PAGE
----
In our little Charlotte Mason co-op, my friend Sara had us look at iris flowers. I have lots of iris in my yard, and they are lovely, but I pretty much take them for granted. I wouldn't say they are a favorite flower, although my dad used to have several different kinds in his garden and it was interesting to see how many different varieties there are. I had no idea.
Sara had us go out and identify the parts of an iris flower, and let me tell you, there are more than I ever thought there would be! First, we found the obvious parts:
- Standards, which are the three upward arching parts of the flower;
- Falls, which are the three downward-curving lower petals, or sepals;
- and Beards, which are thick, bushy hairs on the upper part of the falls. (I thought the falls were the beards. Huh.)
Some iris have a signal, which is a spot of different color just below the beard on the falls.
Then we looked inside the flowers. I feel as though I should remember more from learning about the parts of flowers in junior high, but it seemed as though most of this was brand new information to me, too. I had heard most of the terms, but couldn't have told you what parts of the flower they named. In the picture a the right, you can see the stylearms, which are stiff segments in the middle of the flower, shielding the base of the falls, and which hold the stigma.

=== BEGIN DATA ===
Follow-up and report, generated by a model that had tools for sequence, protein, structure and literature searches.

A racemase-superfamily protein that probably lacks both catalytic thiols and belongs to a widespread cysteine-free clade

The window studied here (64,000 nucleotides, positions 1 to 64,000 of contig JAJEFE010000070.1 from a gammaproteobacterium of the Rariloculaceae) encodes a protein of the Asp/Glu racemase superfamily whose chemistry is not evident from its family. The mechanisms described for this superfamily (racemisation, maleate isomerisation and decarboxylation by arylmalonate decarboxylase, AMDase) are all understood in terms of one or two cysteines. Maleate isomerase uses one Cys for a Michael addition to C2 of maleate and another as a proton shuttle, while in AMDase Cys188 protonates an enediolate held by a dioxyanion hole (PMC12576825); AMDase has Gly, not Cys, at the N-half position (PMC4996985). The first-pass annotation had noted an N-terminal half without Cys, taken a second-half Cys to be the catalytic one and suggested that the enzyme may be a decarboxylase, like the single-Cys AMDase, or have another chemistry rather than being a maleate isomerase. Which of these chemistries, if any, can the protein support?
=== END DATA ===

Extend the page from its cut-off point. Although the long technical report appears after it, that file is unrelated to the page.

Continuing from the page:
In this picture, you see the stigma, which is the flower's reproductive organ, and the stamen, or male reproductive part, which produces pollen.
Here, you can see the spoons, defined as "small horn-like growths with small petaloids protruding from beards."
And finally, in this picture, you can see the spathe, the papery-looking cover over the base of the flower, which is also the ovary; and a branch, which is a lateral extension of the main bloom stem that produces more flowers. See the iris bloom that's all curled up a dried out there on the left?
I had no idea there were so many parts in one flower! Isn't that amazing? I see iris in a whole new light after getting up close and personal with some flowers. I even tried to draw one, which turned out to be harder than I thought it would be. Once I get some color in the picture, perhaps I will share that too.
I don't usually think of garden flowers as nature study topics, for whatever reason, but I'm glad we took a look at the iris. What do you have in your flowerbeds that you could consider more closely?
(We found descriptions of iris parts on this page.)